By Abhishek Gaurav

Come Narendra Modi, and everything will soon set itself right in India, at least that is the adage which was floating everywhere before the much famed Lok Sabha elections this year. Acche din or good times would usher in, misery and suffering would dissipate away, and India would discover the path of progressiveness that has long been evading it. Is it so simple, to write off your past? Can just one man or one government change everything for a nation that has for so long been characterised by suppression, nepotism and red-tapism? Had it been so, why did the earlier leaders fail to catapult India from the clutches of third world problems into the elite league of industrialized nations? Because it takes more than just a leader and government, more than just the policies and promises to galvanise a country. That extra bit which proves crucial in the growth map of any country comprises attitudes, culture and beliefs of its people which take years to change. Hence, they become critical to explaining the economic growth of any nation, particularly so for India where cultural tenets hold special significance.

Chew this, a country where parents warn their children, right from their early days, that if they do not study well, they may well end up doing some kind of business. Any society where entering into business is seen with such disdain, as it is in India, is bound to lag behind in the age of industrialization. The craze for white collar jobs has done more harm than good to this country, the young brigade put everything at stake for a handful such jobs, and end up feeling disappointed and marooned later on. As a nation, when we are struggling to create jobs, the continual advise of parents to their wards to somehow secure their future as soon as they can, by picking up any and every job that comes along their way, can prove fatal for the economy at large. India has always been notorious for blowing up its fortunes, no wonder, then that Indian parents suffer from this constant pang of insecurity.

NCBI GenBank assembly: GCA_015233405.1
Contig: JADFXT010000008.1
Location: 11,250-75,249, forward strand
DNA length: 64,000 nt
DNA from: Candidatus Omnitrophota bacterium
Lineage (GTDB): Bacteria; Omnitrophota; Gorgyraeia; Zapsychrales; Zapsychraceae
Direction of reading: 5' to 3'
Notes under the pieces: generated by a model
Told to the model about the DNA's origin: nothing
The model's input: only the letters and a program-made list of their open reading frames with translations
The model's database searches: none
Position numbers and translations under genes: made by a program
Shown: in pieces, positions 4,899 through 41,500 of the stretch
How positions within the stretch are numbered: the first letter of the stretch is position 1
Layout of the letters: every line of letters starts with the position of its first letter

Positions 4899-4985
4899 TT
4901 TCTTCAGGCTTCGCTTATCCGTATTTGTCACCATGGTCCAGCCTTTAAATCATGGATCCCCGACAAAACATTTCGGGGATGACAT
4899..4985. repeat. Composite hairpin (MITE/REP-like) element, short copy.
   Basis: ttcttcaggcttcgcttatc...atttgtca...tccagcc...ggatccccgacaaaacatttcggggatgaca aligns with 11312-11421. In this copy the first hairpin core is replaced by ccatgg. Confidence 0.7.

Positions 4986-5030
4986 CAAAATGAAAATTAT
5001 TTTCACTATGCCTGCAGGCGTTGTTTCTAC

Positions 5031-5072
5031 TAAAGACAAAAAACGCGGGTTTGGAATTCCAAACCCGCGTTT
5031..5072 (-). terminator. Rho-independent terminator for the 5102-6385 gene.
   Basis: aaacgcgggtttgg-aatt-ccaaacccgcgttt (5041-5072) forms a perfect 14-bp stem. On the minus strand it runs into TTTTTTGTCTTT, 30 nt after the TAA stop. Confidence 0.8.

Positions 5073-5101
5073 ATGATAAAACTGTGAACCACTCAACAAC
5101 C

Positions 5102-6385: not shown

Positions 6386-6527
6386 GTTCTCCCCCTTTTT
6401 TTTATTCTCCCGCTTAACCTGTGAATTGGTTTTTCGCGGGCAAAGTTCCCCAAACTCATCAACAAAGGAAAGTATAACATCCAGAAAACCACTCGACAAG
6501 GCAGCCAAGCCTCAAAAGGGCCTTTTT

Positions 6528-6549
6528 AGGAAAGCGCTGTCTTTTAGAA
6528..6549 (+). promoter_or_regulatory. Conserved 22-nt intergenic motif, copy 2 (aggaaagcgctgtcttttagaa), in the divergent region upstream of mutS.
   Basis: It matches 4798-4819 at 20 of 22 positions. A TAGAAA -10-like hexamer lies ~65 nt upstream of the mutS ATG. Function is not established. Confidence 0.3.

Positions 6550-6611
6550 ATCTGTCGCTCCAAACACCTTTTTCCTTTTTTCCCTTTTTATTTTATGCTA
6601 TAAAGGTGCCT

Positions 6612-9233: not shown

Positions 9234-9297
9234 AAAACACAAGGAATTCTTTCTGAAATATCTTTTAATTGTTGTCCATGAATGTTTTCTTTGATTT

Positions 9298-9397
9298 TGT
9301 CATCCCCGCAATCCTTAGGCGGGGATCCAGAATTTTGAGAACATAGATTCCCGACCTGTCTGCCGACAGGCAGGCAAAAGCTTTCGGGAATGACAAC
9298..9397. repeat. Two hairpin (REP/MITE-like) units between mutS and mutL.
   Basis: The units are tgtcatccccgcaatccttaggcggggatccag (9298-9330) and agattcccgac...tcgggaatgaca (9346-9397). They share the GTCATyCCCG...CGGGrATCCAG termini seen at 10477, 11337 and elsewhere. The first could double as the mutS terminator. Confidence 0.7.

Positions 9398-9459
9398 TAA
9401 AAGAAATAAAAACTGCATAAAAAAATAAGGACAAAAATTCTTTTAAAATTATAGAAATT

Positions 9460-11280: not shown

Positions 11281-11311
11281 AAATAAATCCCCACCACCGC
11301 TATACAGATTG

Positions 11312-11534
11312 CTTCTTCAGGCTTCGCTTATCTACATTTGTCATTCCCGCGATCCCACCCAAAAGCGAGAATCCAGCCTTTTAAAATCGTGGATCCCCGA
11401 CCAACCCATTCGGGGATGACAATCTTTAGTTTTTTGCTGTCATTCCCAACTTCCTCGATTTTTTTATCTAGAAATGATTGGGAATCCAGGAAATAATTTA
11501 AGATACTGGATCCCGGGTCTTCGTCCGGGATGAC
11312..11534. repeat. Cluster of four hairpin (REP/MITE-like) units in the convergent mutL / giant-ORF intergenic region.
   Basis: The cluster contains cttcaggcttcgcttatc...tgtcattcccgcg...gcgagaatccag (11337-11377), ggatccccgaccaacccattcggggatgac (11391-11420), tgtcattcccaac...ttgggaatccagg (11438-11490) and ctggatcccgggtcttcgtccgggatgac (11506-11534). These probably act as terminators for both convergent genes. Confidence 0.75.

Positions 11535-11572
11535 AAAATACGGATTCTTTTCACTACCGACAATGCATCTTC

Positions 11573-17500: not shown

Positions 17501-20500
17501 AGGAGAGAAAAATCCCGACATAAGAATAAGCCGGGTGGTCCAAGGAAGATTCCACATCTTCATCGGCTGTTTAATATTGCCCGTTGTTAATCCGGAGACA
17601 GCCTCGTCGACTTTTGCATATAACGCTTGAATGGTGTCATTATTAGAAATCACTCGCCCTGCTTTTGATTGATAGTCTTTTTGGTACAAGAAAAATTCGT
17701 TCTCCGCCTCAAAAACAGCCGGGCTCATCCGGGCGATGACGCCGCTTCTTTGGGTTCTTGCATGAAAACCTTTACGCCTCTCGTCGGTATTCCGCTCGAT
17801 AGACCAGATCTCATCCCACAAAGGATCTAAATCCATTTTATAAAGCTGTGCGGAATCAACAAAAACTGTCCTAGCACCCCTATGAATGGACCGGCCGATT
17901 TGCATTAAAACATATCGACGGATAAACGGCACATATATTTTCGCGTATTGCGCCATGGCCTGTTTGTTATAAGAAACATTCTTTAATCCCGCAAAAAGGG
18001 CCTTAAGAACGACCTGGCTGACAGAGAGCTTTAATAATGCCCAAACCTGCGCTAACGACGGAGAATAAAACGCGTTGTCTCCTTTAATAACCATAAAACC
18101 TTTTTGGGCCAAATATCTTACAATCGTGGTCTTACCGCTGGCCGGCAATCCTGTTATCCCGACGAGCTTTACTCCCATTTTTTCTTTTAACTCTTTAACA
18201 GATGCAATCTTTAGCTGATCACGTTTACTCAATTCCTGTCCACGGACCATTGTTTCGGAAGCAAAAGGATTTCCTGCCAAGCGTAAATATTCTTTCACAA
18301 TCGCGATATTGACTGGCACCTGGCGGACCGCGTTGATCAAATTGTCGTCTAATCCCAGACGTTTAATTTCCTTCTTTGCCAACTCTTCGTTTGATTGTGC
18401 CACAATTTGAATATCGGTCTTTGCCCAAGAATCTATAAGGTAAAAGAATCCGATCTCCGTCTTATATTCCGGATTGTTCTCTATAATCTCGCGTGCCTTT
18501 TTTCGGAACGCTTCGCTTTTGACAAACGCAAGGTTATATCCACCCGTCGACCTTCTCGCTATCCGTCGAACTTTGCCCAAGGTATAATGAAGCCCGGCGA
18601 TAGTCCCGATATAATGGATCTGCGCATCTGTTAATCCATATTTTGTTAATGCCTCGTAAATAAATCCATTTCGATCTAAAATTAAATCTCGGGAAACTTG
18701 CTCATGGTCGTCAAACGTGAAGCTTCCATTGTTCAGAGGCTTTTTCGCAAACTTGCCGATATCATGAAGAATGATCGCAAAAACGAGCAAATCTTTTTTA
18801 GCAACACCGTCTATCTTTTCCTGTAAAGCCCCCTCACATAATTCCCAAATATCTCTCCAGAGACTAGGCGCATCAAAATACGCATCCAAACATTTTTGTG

The other big crippling factor, which I see, is caste and religion based politics. Development agendas and talks on progress often take a backseat and votes are polled for candidates who belong to the same community even though they may be much worse off than their counterparts in terms of capability. A perfect recipe for disaster, where identities matter more than credentials. Such a mindset has been moulded very deeply into our sub-conscience so much so that in parts of India, people enquire about caste even before starting a conversation. It is a common practice in semi-urban and rural areas to collaborate with those for business, who share the same identity, even if that means losing out on potentially talented individuals. The worst part is that this suffocating culture is not going away anytime soon.

It is ironic that a country that worships female forms in the names of Durga and Kaali, sees progressive and working women with a distaste. In many instances, they are deemed unfit for marriage as they would have a hard time managing their families alongside work. No wonder then, with these double standards and predominance of male hegemony, we have lagged way behind our contemporaries like South Korea, Singapore and China in terms of economic progress.

In the era of tech-revolution when other nations are marching ahead at unimaginable pace, we seem to be pleased with our laggard state of affairs, expecting very little from our policymakers and leaders. People are satisfied with the bare minimum even after sixty-five
years of independence, happy that they are able to somehow survive amidst the harsh realities of the times. There are patients dying because their ambulances could not reach on time.

Pregnant mothers who give in for want of adequate nutrition and care, farmers who commit suicide because rains failed them, millions of youth who give up because there were not enough jobs and the list is endless. That the last sixty-five years could have been used in a much better way to transform our human capital, is something that we all must acknowledge.

I do not wish to undermine our achievements in anyway, but just implant the realisation that we have, indeed, underperformed. We have not been able to live up to the lofty legacy of our forefathers which we so often quote. And our attitudes, beliefs and mindset is much to blame for this. The big question, however, is – can we make a comeback? Yes, we can. Acchhe din can come, but for that we’ll have to make ourselves acchha first. Because it takes more than a just a government or a man to change people’s attitudes. The country does need good leaders, but most of all, good and rational individuals.


Abhishek Gaurav is a B.S. – M.S. dual degree student in Economics at IIT Kanpur. He has a prior experience with the development economics centric research arm of MIT, Abdul Latif Jameel Poverty Action Lab (J-PAL), primarily working in the area of evidence based policies. His interests lie at the intersection of economics, politics, policy and finance. He can be reached at: abhishekgaurav001@gmail.com.

Posted by The Indian Economist | For the Curious Mind